C'est la Vie is a 1966 Charlie Morgan 34.

Her home port is Everglades City, FL. Our typical cruising area is Southwest Florida, the Florida Keys, the Southeastern Atlantic Seaboard, and the Bahamas. We are C'est la Vie's third owners and purchased her in 2005. We continue to maintain and update this classic vessel. Please post any questions or comments about C'est la Vie or our travels via the comment links below.

Saturday, August 14, 2010

Stepping across the line

With a flooding tide pushing us inland, we departed Beaufort and heading north towards Oriental, NC.  Anne and I have on multiple occasions hauled out at Bock Marine.  We have never traveled north of the Hwy 101 bridge along core Creek.  To our knowledge C’est la Vie has also never ventured this far north.  Well today we are stepping over the line.  The image included is of me at the helm just before passing under the hwy 101 Bridge.

While the remainder of our travels to Oriental passed uneventfully, we did continue to find excitement in not quite knowing what was up around the next bend in the river.

Friday, August 13, 2010

Sunshine arrives on schedule

On schedule and in fine style, MV-Sunshine and her crew arrive in Beaufort, NC in time for a late lunch.    With the Lovett’s now in port it is time to start prepping for C’est la Vie to get back underway.

Thursday, August 12, 2010

Life in the anchorage

We are setting on two anchors, Bahamian Moor, at the west end of Taylor’s Creek.  To the east of us (the view in the image above) the anchorage is crowded with numerous boats taking up permanent residence on mooring balls.

Looking to our west we see the entrance to Taylors’s Creek and the Duke Marine Lab.  The marine lab runs a 24/7 web cam of the area – here is a link to the web cam.

To our north is the quaint, touristy Beaufort Downtown area.  It is a great area for tourists and cruisers alike.  Not to be missed is the NC Maritime Museum and adjacent wooden boat works.  The southern shore of Taylors Creek is formed by a series of low islands that make up the Rachael Carson National Estuarine Sanctuary.  From our anchorage we can row Origami or swim over to the island and walk on the beach.  Like many islands along the Outerbanks the Racheal Carson Sanctuary is home to a population of wild horses (see image below).

Other than the high volume of traffic, primarily from local tour boats and transient vessels, there are no complaints about our current residence.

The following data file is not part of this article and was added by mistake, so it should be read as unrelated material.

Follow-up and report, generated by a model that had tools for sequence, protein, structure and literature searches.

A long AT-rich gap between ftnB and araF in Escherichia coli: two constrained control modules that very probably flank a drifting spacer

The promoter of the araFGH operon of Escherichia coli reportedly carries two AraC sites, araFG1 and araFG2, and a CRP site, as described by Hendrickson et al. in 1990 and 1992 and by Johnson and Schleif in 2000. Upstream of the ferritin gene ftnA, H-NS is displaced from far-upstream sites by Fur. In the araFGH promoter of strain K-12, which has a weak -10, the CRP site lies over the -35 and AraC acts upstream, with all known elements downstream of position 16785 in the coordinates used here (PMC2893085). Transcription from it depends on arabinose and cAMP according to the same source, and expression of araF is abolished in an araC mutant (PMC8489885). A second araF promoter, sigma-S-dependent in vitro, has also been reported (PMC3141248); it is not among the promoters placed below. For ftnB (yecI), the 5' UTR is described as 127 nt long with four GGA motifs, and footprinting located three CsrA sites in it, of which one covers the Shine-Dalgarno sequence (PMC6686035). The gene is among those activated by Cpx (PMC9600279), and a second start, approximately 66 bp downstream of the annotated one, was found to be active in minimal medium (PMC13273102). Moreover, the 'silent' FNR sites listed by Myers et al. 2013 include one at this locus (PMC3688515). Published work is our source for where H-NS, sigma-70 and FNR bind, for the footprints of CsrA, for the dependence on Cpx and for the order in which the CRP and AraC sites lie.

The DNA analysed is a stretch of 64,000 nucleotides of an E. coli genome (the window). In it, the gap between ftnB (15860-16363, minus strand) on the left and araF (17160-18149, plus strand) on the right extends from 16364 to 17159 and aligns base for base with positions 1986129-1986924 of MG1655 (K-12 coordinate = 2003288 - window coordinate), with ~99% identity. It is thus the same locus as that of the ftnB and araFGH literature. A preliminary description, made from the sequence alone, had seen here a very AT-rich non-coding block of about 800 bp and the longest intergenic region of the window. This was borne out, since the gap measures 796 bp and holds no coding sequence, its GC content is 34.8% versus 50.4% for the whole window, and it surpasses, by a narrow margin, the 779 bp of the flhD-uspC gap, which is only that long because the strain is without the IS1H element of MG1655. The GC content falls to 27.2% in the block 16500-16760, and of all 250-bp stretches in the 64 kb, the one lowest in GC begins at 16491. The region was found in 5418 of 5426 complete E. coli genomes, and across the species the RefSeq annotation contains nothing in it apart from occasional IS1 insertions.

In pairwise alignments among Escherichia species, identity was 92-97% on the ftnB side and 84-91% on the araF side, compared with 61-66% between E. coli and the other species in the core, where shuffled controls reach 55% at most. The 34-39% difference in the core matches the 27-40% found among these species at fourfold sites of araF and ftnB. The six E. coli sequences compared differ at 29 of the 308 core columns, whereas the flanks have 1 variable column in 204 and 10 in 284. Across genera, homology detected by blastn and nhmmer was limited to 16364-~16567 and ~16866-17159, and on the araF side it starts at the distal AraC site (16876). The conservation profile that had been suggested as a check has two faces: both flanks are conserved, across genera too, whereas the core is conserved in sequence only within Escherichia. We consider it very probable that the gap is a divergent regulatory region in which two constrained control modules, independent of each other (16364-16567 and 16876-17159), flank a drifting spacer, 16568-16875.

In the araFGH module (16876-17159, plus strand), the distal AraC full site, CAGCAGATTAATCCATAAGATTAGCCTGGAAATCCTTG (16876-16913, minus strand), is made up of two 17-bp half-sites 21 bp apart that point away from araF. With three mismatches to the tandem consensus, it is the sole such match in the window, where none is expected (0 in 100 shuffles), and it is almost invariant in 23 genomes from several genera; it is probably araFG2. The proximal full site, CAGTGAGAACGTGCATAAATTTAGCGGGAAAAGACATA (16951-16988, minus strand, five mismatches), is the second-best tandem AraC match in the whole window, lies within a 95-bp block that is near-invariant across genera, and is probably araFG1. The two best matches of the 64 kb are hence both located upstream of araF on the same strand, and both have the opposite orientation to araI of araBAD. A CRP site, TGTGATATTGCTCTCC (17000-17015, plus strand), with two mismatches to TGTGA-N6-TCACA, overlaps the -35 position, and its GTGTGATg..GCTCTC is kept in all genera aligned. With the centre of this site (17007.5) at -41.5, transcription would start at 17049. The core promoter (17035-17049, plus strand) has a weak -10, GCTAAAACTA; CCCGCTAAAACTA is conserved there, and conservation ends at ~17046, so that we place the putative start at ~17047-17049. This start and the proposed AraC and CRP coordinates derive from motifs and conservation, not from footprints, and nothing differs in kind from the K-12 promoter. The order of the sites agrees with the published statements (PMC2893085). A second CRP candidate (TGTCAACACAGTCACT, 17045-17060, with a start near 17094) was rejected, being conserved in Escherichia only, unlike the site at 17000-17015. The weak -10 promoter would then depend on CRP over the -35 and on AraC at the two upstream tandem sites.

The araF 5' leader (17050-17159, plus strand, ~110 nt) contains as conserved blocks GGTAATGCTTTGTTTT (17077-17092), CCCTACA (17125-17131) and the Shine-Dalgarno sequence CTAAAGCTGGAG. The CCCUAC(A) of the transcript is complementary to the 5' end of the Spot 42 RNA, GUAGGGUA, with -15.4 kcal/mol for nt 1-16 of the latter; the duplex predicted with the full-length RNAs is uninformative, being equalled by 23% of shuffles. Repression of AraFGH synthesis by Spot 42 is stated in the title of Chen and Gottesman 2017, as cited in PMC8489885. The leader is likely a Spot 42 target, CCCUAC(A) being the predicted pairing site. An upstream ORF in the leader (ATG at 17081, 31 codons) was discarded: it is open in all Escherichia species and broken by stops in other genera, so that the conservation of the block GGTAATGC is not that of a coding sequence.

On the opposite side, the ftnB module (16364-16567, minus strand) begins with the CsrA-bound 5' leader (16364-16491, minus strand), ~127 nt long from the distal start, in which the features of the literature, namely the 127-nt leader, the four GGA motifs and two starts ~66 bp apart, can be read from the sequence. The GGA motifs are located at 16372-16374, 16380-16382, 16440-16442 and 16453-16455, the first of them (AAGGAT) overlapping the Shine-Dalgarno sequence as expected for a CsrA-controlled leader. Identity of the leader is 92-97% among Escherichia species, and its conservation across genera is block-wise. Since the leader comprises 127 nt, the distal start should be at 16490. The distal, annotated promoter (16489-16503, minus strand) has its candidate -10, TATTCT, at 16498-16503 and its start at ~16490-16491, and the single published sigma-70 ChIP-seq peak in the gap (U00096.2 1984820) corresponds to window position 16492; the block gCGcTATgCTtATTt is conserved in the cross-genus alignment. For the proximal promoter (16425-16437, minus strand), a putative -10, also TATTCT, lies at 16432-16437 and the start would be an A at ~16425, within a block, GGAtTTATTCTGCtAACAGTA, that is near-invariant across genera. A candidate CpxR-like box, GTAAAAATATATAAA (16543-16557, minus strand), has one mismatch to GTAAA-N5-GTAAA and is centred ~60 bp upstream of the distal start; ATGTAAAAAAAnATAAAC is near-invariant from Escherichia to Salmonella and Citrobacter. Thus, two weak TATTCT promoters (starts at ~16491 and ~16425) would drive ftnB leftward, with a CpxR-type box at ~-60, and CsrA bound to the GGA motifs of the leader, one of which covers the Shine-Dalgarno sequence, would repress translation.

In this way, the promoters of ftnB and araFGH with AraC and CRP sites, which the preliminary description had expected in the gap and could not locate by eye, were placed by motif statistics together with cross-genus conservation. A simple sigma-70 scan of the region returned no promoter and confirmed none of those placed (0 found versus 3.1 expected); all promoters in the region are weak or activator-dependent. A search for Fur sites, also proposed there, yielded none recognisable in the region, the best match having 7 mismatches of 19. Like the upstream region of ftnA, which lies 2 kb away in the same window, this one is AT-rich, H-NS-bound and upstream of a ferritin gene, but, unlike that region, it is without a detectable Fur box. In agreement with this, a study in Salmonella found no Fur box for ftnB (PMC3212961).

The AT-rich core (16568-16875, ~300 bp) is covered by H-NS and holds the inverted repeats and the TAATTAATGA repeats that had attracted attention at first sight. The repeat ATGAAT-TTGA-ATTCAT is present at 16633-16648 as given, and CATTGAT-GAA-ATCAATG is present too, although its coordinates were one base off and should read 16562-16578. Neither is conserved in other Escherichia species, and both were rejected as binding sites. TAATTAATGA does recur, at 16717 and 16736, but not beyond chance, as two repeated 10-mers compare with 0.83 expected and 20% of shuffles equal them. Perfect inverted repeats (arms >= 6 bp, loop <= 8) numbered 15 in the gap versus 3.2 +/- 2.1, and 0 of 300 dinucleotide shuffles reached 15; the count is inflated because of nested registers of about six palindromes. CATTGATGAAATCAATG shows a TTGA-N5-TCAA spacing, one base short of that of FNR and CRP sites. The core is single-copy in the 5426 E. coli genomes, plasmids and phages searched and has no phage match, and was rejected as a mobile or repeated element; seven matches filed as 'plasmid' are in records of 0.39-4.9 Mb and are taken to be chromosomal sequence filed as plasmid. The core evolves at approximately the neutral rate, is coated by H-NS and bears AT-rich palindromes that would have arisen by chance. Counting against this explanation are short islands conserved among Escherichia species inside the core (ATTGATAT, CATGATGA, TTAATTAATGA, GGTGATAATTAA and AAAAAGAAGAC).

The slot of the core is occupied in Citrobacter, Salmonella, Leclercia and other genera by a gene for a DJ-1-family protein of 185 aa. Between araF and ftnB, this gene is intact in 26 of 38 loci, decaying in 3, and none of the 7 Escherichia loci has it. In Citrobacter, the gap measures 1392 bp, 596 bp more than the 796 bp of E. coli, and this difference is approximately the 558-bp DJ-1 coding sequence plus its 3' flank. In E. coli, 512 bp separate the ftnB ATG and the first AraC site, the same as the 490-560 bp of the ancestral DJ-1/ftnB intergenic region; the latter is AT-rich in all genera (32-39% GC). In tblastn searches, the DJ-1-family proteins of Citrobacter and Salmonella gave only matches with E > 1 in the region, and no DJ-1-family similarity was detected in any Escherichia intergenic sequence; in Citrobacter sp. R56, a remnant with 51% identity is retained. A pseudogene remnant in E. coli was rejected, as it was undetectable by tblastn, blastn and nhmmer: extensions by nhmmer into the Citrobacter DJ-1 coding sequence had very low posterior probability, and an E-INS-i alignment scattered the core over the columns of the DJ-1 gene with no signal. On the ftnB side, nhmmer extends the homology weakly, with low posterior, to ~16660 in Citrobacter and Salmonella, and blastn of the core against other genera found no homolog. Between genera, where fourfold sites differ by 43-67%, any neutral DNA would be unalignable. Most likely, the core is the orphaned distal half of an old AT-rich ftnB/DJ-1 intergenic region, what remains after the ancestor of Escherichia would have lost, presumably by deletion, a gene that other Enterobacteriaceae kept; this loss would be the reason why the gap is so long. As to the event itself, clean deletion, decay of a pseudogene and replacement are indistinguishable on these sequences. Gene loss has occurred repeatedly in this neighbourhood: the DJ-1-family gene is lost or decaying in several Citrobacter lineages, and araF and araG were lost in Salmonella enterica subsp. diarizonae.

Wednesday, August 11, 2010

Life about town

Coffee shops; internet access; laundry; dinner with friends; boat maintenance; easing back into Outward Bound work; porch time with locals… Anne and I are adapting to life about town here in Beaufort. 

Our plan is to spend a couple more days here to provide me with an opportunity to focus some time on Outward Bound staffing and calendar for our next season in Florida. 

The Lovett’s are due to arrive in their Trawler, Sunshine, on Friday.  We then plan to travel together for about a week.  We will likely head up to Oriental, Ocracoke, and beyond?   

Monday, August 9, 2010

Morning showers make for lousy sleeping but great photos

The early morning, pre-dawn, showers and some no-see-ums robbed us of a good night’s sleep.  As dawn broke the breeze returned and the scattered showers provided an amazing show.  

In light winds we motored out of Lookout Bight.  Once in the Atlantic we raised the main in hopes of providing some resistance to the rolling ocean swell.

By midday we were on the hook in Taylor’s Creek and waving goodbye to Trish.  Tired from a busy couple days ashore, hosting a boat guest, and a lack of sleep, Anne and I spend the rest of the day lounging about C’est la Vie.

Sunday, August 8, 2010

An overnight trip to Cape Lookout

Our first couple of days in Beaufort were a blur of reuniting with friends; morning visits to coffee shops; a road trip to survey a sail boat with Trish; and ticking some things off the to-do list.  After two days tied to the Beaufort City Docks we were ready to escape the noise, congestion, and hustle.   With Trish as crew we caught the ebbing tide out Beaufort Inlet and took advantage of some wonderful 15 knot south winds.  The 15NM from Beaufort to Cape Lookout Bight passed quickly with each of us taking a turn at the helm.

Once the anchor hit the bottom we literally jumped into swimming mode.  The clear, salt waters buoyed our spirits and we spent over an hour inventing new wet exit techniques off C’est la Vie.

The remainder of the day passed blissfully in the bight… naps, reading, swimming to shore for beach exploration, beers, dinner, speed scrabble, and early to bed.